MP3: Stadium Love by Metric

MP3: Gold Guns Girls (Acoustic) by Metric (Courtesy of the marvellous Tsururadio)

1 Though they have, you know. I’m sure you don’t need me to spread gossip.

Amazon’s Metric Page

Can We Please Move On From The Month Of May

I can’t say it’s been a great month so far. We’ve had some properly crap stuff happen round here that has got me concentrating on anything other than listening to music. Plus, the music industry seems set upon going to war with music bloggers that threatens to stop this being a worthwhile exercise. The whole idea of music blogging, where someone can say “Hey, I’ve heard this song, here’s what I think about it, try it yourself” and help spread good music is rapidly turning into “Here’s the only track the record company want you to hear, this Internet’s things a lark, isn’t it?”. We’re just all becoming record company shills. This upsets me, partly because it’s a model that is doomed to failure (if you want to download pirated music, it’s so simple it’s not even worth explaining), and partly because it’s hurting the very people who are trying to promote your music for free.

A little example – I would love to write about a song on Band Of Horses new CD, but I can’t, because if I try and post it, I’ll get shut down (again). So there you go, Band Of Horses Record Label, you don’t get any free publicity. Sure, I might only get a few hundred readers a day (a couple of thousand on a big day), but if 100 people go out and buy a record because of something I’ve said, that’s $1000 for the record label. And if, out of those 100, 20 like it so much they go and see the band with a friend, that’s another $800. Throw in some merchandising, that’s, say, $2000 thanks to me talking about it. In the grand scheme of things, that’s not much, but multiply this out for all the 10,000 plus bloggers on the big aggregators, and that’s a pretty decent sum. And I am very, very small fry in relation to some of the big hitters on Hype Machine and Elbows.

Arcade Fire are probably the biggest band that became famous almost solely due to the blogging world, leading the way for all sorts of bands like Arctic Monkeys through to Vampire Weekend and *insert new trendy band clogging up Hype Machine here*. So it’s not a huge shock to see that, with a new single on the way, they’ve found an interesting new way of drawing attention to it without all that dodgy downloading stuff. Of course, the whole point of mp3’s is that you should be able to download it and listen to it on the Tube, out jogging, lying around in the park drinking cheap cider, or wherever you so choose. Still, it’s a nice idea; go and have fun playing with the little vinyl record. Ooh, takes me back. Right, sunny and warm, off to get turned an alarming shade of red.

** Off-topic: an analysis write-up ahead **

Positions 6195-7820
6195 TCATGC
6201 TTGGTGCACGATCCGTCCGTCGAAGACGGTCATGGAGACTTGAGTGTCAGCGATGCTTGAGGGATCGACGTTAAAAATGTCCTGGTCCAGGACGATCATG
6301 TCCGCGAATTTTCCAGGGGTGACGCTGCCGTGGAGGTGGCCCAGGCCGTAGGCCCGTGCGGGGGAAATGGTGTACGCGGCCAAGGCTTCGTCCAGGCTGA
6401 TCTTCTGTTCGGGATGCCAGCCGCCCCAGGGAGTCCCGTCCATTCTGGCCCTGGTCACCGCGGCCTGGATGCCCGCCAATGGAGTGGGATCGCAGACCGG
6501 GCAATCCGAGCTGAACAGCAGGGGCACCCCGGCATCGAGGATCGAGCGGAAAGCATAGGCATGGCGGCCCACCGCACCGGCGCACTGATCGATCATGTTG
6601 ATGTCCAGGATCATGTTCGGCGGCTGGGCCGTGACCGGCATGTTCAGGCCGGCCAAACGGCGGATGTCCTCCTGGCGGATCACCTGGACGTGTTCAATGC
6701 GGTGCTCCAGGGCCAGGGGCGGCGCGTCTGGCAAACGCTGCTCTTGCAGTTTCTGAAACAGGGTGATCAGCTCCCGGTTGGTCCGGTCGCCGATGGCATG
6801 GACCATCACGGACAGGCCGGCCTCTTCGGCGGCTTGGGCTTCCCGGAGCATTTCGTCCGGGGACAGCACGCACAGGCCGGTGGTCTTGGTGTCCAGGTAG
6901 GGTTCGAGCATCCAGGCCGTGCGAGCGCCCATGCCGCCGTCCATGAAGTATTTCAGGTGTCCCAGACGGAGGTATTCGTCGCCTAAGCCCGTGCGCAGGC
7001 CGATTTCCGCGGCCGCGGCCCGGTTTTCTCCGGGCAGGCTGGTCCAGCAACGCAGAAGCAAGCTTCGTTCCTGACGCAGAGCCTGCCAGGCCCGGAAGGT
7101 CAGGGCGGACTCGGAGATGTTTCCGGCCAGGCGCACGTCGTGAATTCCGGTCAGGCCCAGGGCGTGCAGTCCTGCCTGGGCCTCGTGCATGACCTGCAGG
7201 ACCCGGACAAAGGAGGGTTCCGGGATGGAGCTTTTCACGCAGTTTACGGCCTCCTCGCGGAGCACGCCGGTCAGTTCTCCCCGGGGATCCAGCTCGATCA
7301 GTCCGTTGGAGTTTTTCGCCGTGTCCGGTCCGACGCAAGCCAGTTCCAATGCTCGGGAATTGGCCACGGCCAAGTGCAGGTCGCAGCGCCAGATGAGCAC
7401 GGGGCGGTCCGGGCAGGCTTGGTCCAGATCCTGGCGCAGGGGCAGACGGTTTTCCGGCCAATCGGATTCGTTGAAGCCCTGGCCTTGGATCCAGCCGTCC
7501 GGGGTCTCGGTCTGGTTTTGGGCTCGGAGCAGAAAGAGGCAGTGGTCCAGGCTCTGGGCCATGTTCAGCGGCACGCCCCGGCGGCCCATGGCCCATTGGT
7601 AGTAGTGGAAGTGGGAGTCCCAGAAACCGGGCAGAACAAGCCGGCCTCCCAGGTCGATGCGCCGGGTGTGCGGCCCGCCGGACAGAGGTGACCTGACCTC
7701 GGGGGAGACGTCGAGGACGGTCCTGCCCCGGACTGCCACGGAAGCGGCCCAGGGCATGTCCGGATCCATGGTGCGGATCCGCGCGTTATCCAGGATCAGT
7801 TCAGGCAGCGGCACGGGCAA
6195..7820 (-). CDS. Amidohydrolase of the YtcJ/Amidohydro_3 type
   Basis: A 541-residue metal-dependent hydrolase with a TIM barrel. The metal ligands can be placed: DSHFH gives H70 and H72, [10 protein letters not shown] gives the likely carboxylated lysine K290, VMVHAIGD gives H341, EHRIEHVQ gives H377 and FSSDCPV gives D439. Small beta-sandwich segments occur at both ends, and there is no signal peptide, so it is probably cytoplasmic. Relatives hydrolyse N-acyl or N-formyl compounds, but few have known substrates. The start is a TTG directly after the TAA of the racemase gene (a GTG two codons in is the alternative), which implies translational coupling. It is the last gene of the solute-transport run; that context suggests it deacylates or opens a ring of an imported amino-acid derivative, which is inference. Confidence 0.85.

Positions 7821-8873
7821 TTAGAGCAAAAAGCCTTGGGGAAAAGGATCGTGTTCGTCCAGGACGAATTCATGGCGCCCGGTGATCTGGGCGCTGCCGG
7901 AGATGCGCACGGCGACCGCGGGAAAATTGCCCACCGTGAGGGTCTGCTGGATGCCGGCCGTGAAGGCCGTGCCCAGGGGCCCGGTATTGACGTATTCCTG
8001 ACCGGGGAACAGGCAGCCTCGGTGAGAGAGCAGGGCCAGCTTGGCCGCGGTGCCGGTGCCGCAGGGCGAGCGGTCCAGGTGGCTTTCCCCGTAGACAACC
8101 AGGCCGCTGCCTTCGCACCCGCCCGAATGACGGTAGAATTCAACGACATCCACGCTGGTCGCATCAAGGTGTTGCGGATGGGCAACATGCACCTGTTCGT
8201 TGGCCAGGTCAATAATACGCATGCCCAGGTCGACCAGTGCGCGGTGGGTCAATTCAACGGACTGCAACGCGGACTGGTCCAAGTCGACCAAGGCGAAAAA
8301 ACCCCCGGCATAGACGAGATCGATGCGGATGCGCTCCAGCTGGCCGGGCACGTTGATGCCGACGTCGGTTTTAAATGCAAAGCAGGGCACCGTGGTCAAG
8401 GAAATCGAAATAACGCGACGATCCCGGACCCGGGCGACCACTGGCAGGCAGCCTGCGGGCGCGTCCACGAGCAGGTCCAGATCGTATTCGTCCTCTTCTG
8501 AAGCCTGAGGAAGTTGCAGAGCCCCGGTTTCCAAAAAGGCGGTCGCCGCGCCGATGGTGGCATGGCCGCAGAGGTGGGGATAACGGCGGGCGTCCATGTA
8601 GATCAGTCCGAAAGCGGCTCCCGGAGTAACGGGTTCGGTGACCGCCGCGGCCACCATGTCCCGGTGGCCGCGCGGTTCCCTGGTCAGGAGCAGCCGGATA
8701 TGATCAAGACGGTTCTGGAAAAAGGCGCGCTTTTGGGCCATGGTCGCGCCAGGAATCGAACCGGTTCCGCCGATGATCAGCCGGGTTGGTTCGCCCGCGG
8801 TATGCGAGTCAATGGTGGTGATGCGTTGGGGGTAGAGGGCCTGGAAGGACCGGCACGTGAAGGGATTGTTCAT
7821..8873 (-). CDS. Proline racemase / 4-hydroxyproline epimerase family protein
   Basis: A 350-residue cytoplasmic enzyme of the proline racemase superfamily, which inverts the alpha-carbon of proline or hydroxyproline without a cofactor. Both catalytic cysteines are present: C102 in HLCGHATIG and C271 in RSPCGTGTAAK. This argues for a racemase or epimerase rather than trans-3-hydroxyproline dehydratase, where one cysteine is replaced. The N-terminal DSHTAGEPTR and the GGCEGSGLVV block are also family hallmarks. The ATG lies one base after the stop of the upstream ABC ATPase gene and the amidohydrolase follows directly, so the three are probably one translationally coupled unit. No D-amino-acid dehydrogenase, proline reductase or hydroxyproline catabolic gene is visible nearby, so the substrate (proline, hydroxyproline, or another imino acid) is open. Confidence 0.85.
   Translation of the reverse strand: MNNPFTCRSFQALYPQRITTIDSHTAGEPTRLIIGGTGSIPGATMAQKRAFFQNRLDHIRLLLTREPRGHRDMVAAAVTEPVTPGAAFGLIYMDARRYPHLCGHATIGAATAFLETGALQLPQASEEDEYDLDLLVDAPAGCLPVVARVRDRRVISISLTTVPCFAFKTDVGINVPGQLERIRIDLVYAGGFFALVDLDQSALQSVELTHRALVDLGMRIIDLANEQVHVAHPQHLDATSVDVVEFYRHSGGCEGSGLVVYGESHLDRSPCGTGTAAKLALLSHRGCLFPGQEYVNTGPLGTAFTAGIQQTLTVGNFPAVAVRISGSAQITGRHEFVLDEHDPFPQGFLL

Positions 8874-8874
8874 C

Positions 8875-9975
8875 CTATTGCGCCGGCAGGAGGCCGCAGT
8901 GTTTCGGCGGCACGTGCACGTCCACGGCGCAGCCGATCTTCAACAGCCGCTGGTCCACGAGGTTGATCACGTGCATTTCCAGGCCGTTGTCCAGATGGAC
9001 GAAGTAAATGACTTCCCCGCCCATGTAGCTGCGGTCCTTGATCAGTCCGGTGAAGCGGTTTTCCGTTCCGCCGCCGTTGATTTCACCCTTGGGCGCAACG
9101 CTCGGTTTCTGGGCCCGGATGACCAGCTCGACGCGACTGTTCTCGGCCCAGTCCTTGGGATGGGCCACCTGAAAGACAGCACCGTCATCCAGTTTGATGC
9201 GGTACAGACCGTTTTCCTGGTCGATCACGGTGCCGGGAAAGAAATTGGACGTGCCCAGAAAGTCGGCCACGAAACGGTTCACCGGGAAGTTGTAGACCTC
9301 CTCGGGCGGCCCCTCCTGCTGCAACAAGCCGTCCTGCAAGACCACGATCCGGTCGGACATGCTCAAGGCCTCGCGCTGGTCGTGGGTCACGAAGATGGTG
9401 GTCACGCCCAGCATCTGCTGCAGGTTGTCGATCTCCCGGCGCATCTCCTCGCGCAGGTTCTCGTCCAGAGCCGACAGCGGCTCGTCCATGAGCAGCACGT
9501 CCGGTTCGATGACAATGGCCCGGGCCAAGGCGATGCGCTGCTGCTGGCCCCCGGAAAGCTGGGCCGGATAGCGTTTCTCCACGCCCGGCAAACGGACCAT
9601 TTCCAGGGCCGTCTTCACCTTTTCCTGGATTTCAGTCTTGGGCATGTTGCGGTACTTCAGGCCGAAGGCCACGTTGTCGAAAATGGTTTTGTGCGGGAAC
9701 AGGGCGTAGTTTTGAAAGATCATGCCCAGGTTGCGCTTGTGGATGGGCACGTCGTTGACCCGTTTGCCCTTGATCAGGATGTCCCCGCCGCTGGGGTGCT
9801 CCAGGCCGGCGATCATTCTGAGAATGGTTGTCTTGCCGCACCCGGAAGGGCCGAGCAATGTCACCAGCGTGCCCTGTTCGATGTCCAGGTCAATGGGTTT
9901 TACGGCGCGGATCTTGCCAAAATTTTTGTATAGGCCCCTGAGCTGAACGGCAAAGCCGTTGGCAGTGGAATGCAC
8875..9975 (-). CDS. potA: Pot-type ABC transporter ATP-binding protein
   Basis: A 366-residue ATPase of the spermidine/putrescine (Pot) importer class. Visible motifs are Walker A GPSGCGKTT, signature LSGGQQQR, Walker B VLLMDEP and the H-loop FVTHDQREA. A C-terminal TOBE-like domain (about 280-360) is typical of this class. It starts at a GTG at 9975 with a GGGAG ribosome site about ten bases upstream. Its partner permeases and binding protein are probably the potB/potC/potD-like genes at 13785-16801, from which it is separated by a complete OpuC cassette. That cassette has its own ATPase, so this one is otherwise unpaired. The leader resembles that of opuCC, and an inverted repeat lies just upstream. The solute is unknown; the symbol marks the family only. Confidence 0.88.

A. The Suburbs

AA. Month of May

MP3: Wake Up by The Arcade Fire

Amazon’s Arcade Fire Store

The Besnard Lakes Are The Subject Of This Post

This year’s been a bit of a funny one for music so far. Some old stalwarts, Broken Social Scene and The Hold Steady, have produced eagerly awaited albums that can be summed up with the word “Meh”. Joanna Newsom and The National have produced albums that can be summed up by saying “Well, not as good as the last one but still ok”. As for Band Of Horses, well they don’t deserve any more comment given the way they are treating their fans (and the album? “Meh”). There’s not many bands I can think of that have improved on their previous records.

One that has, and in properly great style, are The Besnard Lakes. “The Besnard Lakes Are The Roaring Night” follows on from 2007’s “The Besnard Lakes Are The Dark Horse”, and frankly, it’s a beaut. Filled with epic psychedelic rock of the kind that can only be made by listening to far much Led Zeppelin whilst in a suggestible frame of mind, “…The Roaring Night” is a huge leap onward from “…The Dark Horse”, which fell over itself trying to be too dark and lonesome.

In contrast, “…The Roaring Night” is a far more open beast, and a much more welcoming listen. Fairly roaring through the speakers (or your headphones), the record is filled with drama and walls of cascading guitars. I love it. It’s not an everyday record by any means – you need to focus on it, rather than let it drift by, but when you’re in the right mood, this record will fill your brain in a most pleasant way. As a taster, here’s lead single “Albatross”.

And yes, I know this came out a few months ago. It’s a grower, ok? And you don’t come here for new records, do you?

MP3: Albatross by The Besnard Lakes

Amazon’s Besnard Lakes Store

Clinging to the Radio (Dept)

Some albums are lovely to just have around, playing in the background whilst you’re doing the washing up, or playing on your headphones on a crowded Tube trying to read. Last year it was Bibio’s “Ambivalence Avenue”, this year it’s shaping up to be The Radio Dept’s “Clinging To A Scheme”.

I first wrote about these gentle Swedes back in February, and since then the album has been a regular on my torrid journeys to and from the barren, corporate wasteland that is Canary Wharf. And funnily enough, just today I was thinking “Ooh, I really ought to post something about them again so people might go and buy the record because it’s damn fine”. Serendipity being the thing it is, tonight I get the news that they’re releasing “Never Follow Suit” as a single soon. For a song that is, frankly, reggae-lite, it’s quite remarkably pleasant. And even more remarkably, it’s nowhere near the best song on the album.

Cheer Up, You're Not In The Twilight Sad You Know